7. Think portfolio Don't put all your earnings in a single stock. Try to have a diverse portfolio of stocks. This way even if one stock doesn't do well, you are still well protected. Also invest across sectors, since any problem in one sector would affect all stocks in the sector. As a thumb rule, if you have investments of up to Rs50, 000 invest in two to three stocks. For about Rs150, 000 invest in three to five stocks, for around Rs500, 000 have five to seven stocks and around ten stocks for higher amounts. 8. Don’t invest all your savings Always maintain a core set of reserves. You should never touch these reserves for investing, so that even in the worst case you still have some money. Typically these reserves should be your salary of about six months. 9. Be level-headed Invest wisely, don't get swayed by rumors and allow Sharekhan to be your guide at all times. Investment success won't happen overnight, so avoid overreacting to short term market swings.

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Mutual funds:

Mutual Funds are essentially investment vehicles where people with similar investment objective come together to pool their money and then invest accordingly. Each unit of any scheme represents the proportion of pool owned by the unit holder (investor). Mutual Funds in India are financial instruments. These funds are collective investments which gather money from different investors to invest in stocks, short-term money market financial instruments, bonds and other securities and distribute the proceeds as dividends. The Mutual Funds in India are handled by Fund Managers, also referred as the portfolio managers. The Securities Exchange Board of India regulates the Mutual Funds In India. The share value of the Mutual Funds in India is known as net asset value per share (NAV). The NAV is calculated on the total amount of the Mutual Funds in India, by dividing it with the number of shares issued and outstanding shares on daily basis. Mutual funds in India – advantages:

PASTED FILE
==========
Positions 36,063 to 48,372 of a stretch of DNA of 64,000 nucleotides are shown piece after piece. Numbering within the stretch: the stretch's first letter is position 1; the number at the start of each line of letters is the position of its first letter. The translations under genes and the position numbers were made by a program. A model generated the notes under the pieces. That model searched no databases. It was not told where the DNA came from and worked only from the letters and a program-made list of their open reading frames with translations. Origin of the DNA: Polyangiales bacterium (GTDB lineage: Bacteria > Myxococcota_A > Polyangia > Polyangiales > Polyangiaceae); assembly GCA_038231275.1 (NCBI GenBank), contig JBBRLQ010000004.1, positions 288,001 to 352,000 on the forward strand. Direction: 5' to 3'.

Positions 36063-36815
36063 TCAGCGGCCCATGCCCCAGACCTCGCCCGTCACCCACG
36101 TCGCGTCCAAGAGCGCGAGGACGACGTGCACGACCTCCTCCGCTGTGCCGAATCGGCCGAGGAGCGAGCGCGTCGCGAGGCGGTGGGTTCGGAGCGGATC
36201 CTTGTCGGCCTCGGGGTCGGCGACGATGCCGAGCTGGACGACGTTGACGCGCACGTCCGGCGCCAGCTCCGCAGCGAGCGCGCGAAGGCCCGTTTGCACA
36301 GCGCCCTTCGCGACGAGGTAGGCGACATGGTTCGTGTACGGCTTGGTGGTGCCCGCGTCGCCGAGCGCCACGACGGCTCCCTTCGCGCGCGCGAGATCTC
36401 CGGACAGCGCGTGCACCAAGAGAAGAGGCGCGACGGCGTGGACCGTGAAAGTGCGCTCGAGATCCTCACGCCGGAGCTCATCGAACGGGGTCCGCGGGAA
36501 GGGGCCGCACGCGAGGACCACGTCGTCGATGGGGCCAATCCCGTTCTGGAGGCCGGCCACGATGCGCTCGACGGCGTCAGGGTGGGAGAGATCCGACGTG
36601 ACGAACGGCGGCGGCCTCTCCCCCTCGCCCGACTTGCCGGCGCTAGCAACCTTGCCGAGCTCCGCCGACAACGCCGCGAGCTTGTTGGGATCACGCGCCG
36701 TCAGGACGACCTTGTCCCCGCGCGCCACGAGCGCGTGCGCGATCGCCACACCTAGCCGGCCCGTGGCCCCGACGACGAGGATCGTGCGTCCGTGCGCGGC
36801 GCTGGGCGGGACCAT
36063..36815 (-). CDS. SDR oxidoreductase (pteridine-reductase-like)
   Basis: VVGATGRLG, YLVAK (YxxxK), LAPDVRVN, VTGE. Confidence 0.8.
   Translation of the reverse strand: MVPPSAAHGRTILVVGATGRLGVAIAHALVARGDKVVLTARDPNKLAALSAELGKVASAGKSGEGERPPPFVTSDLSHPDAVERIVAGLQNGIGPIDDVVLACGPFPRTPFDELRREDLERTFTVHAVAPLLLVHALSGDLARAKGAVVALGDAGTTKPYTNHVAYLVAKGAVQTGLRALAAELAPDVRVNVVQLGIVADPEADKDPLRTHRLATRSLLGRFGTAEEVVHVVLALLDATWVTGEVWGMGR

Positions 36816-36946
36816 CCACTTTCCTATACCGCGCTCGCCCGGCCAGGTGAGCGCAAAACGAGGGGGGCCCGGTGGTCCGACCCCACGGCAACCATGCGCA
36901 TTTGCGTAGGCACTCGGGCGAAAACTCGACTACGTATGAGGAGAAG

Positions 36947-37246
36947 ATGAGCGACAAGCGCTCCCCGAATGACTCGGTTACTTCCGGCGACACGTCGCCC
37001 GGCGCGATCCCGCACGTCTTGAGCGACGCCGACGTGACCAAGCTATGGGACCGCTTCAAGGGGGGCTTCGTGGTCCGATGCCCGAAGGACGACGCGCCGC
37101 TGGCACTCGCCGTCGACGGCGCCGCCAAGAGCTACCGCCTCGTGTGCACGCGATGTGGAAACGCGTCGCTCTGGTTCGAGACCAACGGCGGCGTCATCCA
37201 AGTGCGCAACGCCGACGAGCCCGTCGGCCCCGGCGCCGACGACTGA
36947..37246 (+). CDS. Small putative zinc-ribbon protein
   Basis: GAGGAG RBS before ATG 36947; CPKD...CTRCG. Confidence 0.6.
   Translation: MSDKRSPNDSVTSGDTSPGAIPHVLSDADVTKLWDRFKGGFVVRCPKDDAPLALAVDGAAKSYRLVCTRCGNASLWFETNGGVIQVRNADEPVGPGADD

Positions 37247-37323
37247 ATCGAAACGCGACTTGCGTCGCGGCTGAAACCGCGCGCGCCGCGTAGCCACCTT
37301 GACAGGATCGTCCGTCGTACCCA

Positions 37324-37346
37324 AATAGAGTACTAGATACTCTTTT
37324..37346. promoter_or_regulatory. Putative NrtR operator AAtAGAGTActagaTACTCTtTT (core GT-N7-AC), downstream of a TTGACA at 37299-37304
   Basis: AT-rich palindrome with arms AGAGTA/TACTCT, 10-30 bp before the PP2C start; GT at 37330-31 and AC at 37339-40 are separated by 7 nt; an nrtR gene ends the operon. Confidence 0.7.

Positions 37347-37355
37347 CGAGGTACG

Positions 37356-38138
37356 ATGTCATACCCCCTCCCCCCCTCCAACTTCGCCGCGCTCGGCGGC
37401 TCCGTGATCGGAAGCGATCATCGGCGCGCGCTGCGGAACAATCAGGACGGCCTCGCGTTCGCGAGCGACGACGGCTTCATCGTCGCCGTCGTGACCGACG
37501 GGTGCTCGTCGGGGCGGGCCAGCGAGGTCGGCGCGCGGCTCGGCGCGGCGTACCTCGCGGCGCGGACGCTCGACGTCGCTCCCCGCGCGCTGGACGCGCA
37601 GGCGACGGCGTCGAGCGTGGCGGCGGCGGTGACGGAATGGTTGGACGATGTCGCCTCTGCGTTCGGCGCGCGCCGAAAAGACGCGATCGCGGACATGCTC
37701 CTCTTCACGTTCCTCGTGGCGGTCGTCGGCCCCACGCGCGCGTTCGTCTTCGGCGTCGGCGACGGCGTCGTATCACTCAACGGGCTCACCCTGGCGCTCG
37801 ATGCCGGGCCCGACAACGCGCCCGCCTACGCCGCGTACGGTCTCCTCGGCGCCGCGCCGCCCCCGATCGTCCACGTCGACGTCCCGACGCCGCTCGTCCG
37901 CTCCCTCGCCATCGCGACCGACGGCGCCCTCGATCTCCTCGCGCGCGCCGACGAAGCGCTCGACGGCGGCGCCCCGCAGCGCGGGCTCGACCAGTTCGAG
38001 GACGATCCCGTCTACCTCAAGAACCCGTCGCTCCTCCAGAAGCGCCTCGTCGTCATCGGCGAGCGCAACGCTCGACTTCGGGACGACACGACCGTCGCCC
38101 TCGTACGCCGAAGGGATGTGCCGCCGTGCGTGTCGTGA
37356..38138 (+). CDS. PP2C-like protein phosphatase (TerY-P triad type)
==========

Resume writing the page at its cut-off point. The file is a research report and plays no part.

    

The Mutual Funds in India offer flexibility by means of dividend reinvestment, systematic investment plans and systematic withdrawal plans. These funds are available in small units, so they are affordable to the small investors. The fees charged for to the custodial, brokerage and others services are very low in case of Mutual Funds in India. These funds have the option of redeeming or withdrawing money at any point of time. The Mutual Funds in India have low risk as it is managed professionally.